Wed Nov 14, 2012, 12:44 PM
bananas (27,360 posts)
More information on the Exploration Gateway at Earth-Moon L2
A glimpse at a gateway
by Jeff Foust
Monday, November 12, 2012
On Saturday, however, a NASA official provided a glimpse about what the agency was currently studying. Speaking at SpaceVision 2012, the annual conference of Students for the Exploration and Development of Space (SEDS) in Buffalo, New York, Harold White, Advanced Propulsion Theme Lead at the Johnson Space Center, discussed the current state of NASA’s studies of what it calls the Gateway Exploration Architecture. White, better known in some circles for his work on advanced propulsion physics (see “Building a starship’s foundation”, The Space Review, September 24, 2012), is the propulsion lead on the architecture study.
The architecture starts in 2019 with the launch of the core spacecraft—a generic service module plus a docking node similar to those on the US segment of the International Space Station—on a Space Launch System (SLS) heavy-lift rocket to the Earth-Moon L2 point. “Then we would have a cadence of missions, about once every year,” White said, “increasing the mission duration and, in some cases, also increasing the capability of the platform by bringing up additional modules.”
The initial crewed mission would fly to the platform at L2 on an Orion spacecraft launched by an SLS. That mission would last about 30 days, in order to gain experience on operations there. Before departing, the platform would transfer from the L2 to the L1 point on the other side of the Moon. After the crew left, the station would then move into a “near rectilinear orbit”, a stretched version of the halo orbits used to stationkeep around Lagrange points that, in this case, gives long dwell times over the lunar poles.
The current architecture features what White called a “decision tollgate” in 2022: in effect, a fork in the road with two options. In one approach, the platform moves to low lunar orbit, where it could later support human missions to the lunar surface. ... <snip> ...
In the other option, the platform would move out into deep space, perhaps out to the Earth-Sun L2 point, about 1.5 million kilometers from the Earth, ... <snip> ...
1 replies, 1370 views
Always highlight: 10 newest replies | Replies posted after I mark a forum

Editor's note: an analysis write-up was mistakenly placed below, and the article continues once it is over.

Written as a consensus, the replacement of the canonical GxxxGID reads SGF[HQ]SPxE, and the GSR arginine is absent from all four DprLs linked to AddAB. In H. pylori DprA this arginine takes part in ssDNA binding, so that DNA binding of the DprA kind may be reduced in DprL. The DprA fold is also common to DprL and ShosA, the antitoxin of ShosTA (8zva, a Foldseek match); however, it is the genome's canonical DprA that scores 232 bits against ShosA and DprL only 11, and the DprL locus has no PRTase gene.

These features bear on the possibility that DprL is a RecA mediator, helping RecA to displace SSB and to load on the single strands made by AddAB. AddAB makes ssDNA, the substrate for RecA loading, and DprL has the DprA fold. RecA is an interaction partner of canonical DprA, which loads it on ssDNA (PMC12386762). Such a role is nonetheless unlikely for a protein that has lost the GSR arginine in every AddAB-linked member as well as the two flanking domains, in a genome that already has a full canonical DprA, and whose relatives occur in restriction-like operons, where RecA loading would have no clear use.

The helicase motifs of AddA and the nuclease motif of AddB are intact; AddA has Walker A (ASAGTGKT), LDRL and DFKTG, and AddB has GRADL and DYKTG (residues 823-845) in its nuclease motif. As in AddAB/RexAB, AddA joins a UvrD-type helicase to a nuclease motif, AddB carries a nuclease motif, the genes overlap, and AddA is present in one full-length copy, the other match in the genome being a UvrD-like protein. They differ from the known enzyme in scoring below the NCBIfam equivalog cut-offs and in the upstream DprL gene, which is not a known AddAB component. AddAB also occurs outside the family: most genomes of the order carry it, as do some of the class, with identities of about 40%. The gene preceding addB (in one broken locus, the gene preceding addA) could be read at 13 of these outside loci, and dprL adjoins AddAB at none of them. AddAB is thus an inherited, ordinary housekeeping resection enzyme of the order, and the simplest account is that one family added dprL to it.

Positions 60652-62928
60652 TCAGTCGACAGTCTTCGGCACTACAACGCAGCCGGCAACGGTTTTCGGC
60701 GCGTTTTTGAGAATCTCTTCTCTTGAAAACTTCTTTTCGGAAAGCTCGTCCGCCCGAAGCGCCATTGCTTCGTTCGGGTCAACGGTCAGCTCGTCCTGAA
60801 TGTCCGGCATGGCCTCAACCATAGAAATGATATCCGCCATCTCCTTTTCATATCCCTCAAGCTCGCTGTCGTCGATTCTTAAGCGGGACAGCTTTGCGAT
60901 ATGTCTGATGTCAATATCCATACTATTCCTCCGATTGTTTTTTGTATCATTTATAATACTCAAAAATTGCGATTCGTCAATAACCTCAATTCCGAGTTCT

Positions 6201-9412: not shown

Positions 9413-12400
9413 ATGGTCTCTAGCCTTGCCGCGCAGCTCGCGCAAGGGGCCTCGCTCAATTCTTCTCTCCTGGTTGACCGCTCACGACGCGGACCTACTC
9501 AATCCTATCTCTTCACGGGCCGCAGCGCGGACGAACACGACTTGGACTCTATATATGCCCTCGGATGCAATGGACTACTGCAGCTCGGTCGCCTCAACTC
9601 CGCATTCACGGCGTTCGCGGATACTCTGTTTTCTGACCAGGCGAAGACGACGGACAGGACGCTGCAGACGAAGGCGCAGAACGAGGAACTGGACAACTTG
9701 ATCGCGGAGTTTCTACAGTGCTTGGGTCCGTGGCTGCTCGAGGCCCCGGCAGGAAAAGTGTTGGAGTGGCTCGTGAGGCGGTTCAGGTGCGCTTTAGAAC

Replies to this discussion thread
More information on the Exploration Gateway at Earth-Moon L2 (Original post)
Response to bananas (Original post)
Wed Nov 14, 2012, 12:54 PM
bananas (27,360 posts)
1. For Obama’s Second Term, NASA Revives a Plan from Clinton’s Second Term
For Obama’s Second Term, NASA Revives a Plan from Clinton’s Second Term
By David S. F. PortreeEmail Author
November 9, 2012 | 12:07 am |
NASA’s interest in the L point outpost concept is not new. In 1999-2000, Earth-moon and Earth-Sun L points became the darlings of the Decadal Planning Team (DPT), a NASA-wide group funded by President Bill Clinton’s Office of Management and Budget. The DPT seems to have been set up to develop plans that could take effect under President Al Gore.
The DPT advocated an outpost at Earth-moon L1, located between Earth and the moon. Astronauts at the outpost would have serviced giant space telescopes and visited the lunar surface (robotics technology was less advanced than it is today, so the DPT barely mentioned teleoperations in its plan).
Apart from its lunar objective, however, the DPT’s philosophy was anathema to space planners eager for a reprise of NASA’s Apollo glory days. Progress would have occurred on a “pay-as-you-go” basis, with no high-profile proclamation akin to President John F. Kennedy’s May 1961 “moon speech.” Development would have been slow and steady, with no sharp increases in NASA’s budget to draw fire from spaceflight opponents.
The DPT’s plans survived more or less intact until 2005, when President George W. Bush appointed Mike Griffin as NASA Administrator. Griffin and his lieutenants rejected the DPT approach in favor of a costly new large rocket and “Apollo on steroids.” Bush did not, however, adequately fund Griffin’s program, so NASA had little to show for it by the time President Barack Obama won the White House in 2008.